Before the mid-19th century, the word lesbian referred to any derivative or aspect of Lesbos, including a type of wine. In Algernon Charles Swinburne's 1866 poem Sapphics, the term lesbian appears twice but capitalized both times after twice mentioning the island of Lesbos, and so could be construed to mean 'from the island of Lesbos'.
Use of the word lesbianism to describe erotic relationships between women had been documented in 1870.
In 1875, George Saintsbury, in writing about Baudelaire's poetry, refers to his "Lesbian studies" in which he includes his poem about "the passion of Delphine" which is a poem simply about love between two women which does not mention the island of Lesbos, though the other poem alluded to, entitled "Lesbos", does.
In 1890, the term lesbian was used in a medical dictionary as an adjective to describe tribadism (as "lesbian love").
The use of lesbian in medical literature became prominent; by 1925, the word was recorded as a noun to mean the female equivalent of a sodomite. The development of medical knowledge was a significant factor in further connotations of the term lesbian.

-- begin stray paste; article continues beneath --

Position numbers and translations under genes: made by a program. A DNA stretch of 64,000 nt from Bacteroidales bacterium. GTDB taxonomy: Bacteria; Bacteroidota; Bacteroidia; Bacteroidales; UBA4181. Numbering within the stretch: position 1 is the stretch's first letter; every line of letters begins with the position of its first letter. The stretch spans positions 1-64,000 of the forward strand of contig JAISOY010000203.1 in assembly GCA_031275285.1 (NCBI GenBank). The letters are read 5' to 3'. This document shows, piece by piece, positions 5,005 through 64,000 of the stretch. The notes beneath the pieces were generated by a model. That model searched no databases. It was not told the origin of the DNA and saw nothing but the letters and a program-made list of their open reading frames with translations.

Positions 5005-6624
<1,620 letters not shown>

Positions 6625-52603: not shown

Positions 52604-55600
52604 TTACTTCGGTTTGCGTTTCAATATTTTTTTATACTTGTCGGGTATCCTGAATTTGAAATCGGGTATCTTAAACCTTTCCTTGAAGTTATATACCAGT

Butch and femme roles returned, although not as strictly followed as they were in the 1950s.
Nonetheless, in the 1980s, a significant movement rejected the desexualization of lesbianism by cultural feminists, causing a heated controversy called the feminist sex wars.
Once again, women felt safer claiming to be more sexually adventurous, and sexual flexibility became more accepted. The focus of the debate often centers on a phenomenon named by sexologist Pepper Schwartz in 1983.
Further arguments attested that the study was flawed and misrepresented accurate sexual contact between women, or sexual contact between women has increased since 1983 as many lesbians find themselves freer to sexually express themselves. More discussion on gender and sexual orientation identity has affected how many women label or view themselves.
In 1989, an academic cohort named the Lesbian History Group wrote: Because of society's reluctance to admit that lesbians exist, a high degree of certainty is expected before historians or biographers are allowed to use the label.
They became a mode of chosen sexual self-expression for some women in the 1990s.
reported that "lesbian and fluid women were more exclusive than bisexual women in their sexual behaviors" and that "lesbian women appeared to lean toward exclusively same-sex attractions and behaviors." It reported that lesbians "appeared to demonstrate a 'core' lesbian orientation." A 2001 article on differentiating lesbians for medical studies and health research suggested identifying lesbians using the three characteristics of identity only, sexual behavior only, or both combined.
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Page generated on 2021-08-05